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Arkansas Medicaid Impasse Hits New Heights Arkansas Medicaid Impasse Hits New Heights

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Health Care

Arkansas Medicaid Impasse Hits New Heights

Insurance for nearly 100,000 people is on the line, but—for now—the state’s anti-Obamacare critics aren’t budging.

Arkansas State Capitol.(mnapoli/Shutterstock)

Sophie Novack
February 21, 2014

The Arkansas House has voted four times this week on a bill to renew the state's Medicaid expansion program, and it's  not done yet.

The legislation failed to reach the needed supermajority in the House for the fourth time on Friday. The 71-18 vote came up four short of the needed three-quarters threshold to pass spending bills in the Legislature.

At question is the Arkansas "private option," which takes federal funds for Medicaid expansion under the Affordable Care Act and applies them to private exchange plans for low-income individuals.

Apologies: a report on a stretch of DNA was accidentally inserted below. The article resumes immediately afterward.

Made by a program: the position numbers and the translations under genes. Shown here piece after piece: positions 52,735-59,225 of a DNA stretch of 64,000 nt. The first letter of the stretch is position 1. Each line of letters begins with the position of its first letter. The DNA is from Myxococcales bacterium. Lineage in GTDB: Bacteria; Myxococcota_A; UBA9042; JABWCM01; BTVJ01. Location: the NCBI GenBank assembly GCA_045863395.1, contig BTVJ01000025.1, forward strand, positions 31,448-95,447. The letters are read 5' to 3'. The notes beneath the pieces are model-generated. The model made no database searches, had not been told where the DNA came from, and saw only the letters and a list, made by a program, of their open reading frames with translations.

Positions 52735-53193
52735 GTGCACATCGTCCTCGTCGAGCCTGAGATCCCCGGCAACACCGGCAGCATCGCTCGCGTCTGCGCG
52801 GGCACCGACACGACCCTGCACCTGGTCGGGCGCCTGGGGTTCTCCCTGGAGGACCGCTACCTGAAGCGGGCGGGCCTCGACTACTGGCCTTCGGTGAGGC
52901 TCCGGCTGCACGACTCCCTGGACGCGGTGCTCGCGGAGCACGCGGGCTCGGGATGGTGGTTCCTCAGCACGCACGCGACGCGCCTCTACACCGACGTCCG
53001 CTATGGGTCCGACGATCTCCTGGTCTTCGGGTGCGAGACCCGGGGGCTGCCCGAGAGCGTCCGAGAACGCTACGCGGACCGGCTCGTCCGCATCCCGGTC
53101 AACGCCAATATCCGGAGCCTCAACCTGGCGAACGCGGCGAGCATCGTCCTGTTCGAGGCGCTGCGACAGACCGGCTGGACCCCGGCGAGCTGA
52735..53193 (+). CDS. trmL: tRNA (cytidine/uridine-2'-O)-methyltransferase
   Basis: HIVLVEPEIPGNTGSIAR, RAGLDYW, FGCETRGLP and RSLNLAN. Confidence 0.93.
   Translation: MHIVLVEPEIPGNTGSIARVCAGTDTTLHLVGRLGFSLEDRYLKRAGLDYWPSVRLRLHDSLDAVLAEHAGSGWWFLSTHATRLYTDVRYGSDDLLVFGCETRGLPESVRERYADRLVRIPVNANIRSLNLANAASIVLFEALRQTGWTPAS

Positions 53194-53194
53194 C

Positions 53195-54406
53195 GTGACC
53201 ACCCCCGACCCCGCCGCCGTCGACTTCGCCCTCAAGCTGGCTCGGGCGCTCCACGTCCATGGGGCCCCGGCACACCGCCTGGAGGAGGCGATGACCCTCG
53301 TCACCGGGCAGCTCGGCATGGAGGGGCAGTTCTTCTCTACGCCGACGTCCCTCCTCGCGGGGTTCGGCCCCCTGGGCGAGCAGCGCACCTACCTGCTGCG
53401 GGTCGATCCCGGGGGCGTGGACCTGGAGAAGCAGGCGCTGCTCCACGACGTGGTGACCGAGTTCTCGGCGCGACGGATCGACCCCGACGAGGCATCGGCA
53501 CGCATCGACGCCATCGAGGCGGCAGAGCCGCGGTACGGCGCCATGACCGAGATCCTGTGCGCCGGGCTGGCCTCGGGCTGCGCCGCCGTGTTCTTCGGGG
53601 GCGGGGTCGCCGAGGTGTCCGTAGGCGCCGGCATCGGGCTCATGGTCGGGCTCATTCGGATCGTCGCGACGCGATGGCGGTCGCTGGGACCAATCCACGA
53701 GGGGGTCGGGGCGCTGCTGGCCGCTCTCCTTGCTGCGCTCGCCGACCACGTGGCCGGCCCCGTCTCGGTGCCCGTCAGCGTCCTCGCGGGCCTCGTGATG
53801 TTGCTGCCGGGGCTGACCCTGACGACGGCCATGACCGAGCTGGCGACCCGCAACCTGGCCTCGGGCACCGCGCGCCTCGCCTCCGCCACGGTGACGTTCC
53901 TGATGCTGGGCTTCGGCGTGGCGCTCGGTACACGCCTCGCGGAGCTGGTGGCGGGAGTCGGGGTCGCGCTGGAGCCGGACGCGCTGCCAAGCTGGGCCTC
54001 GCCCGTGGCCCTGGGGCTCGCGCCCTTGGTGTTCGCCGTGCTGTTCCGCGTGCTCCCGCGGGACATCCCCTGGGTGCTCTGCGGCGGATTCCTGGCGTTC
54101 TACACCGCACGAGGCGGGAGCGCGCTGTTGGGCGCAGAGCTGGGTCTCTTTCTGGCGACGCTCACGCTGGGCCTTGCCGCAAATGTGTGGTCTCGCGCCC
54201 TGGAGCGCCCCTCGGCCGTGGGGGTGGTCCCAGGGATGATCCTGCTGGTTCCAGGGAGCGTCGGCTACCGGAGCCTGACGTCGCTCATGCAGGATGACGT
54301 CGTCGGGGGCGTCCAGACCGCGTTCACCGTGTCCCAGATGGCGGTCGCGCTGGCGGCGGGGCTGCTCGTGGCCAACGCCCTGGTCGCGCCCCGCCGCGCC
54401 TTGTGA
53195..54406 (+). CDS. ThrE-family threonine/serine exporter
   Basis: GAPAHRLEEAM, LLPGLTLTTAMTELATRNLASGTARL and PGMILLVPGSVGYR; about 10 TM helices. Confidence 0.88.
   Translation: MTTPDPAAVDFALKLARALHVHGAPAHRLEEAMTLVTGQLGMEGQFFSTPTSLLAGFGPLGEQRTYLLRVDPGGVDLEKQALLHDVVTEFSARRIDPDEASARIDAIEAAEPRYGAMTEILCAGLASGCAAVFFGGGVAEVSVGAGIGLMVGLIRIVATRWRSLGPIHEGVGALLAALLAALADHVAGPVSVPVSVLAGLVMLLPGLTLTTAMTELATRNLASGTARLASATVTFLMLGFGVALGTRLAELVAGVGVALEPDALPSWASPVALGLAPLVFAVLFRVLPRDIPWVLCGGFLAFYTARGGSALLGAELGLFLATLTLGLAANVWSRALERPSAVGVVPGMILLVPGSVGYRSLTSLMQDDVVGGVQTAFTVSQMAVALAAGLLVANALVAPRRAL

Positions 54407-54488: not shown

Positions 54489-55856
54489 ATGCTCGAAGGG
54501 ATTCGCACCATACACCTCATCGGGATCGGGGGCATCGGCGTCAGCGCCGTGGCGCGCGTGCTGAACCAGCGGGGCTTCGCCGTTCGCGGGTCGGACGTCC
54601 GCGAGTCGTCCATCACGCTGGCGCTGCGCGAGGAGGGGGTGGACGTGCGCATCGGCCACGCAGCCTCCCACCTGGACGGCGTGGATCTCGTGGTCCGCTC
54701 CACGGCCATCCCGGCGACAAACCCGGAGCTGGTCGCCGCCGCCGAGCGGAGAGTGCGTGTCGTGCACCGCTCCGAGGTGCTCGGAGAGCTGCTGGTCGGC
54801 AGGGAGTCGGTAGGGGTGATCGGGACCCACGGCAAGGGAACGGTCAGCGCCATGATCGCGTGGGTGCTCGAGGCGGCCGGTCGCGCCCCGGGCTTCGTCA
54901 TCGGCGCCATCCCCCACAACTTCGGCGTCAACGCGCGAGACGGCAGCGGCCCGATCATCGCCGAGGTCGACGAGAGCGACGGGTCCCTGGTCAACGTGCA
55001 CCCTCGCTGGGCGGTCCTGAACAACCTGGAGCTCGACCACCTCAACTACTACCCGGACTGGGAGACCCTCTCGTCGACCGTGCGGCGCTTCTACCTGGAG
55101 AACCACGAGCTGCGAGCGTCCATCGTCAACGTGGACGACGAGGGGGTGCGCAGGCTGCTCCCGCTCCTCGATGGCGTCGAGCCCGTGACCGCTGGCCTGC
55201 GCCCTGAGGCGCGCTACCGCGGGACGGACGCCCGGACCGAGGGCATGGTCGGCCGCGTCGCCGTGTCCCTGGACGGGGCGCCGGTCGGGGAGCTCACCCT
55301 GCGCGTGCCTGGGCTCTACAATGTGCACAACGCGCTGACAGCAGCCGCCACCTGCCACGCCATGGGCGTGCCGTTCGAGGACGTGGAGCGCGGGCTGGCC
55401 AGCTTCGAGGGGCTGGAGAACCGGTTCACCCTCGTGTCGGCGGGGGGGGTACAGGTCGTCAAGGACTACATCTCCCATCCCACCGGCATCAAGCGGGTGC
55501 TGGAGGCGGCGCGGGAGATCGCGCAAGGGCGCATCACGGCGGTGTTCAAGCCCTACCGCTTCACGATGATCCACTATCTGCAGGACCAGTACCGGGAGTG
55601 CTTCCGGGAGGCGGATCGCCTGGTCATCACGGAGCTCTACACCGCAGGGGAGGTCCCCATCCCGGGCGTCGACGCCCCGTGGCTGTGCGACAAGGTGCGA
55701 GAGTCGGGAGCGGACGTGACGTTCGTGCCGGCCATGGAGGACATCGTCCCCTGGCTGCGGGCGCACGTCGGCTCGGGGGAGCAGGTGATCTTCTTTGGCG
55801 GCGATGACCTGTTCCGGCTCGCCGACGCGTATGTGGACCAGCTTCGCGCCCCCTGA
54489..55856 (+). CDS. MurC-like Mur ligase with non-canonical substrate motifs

The Senate passed the bill Thursday on a 27-8 vote.

 

If the legislation fails, the nearly 100,000 Arkansans who have already enrolled in the program will lose their coverage after June 30.

The funding for the private option is part of the larger appropriations bill for the state's Human Services Department, so the broader package ultimately has to pass at some point. But it could pass without funding for the Medicaid plan, and that funding will be left behind if one faction of state Republicans get their way.

Lawmakers on both sides remain confident that the private-option funding will be renewed eventually, according to the Arkansas Times. But not before a series of failed votes and a heavy dose of legislative drama.

The margin of approval to renew the private option is so razor-thin that members were scrambling to find the necessary votes even as the speeches went on. The House recessed several times Friday afternoon as negotiations continued.

At one point, state police were sent to fetch a representative who left the floor ahead of the vote.

Republican House Speaker Davy Carter has said lawmakers will continue voting until the bill is passed. A fifth vote is scheduled for Tuesday afternoon.

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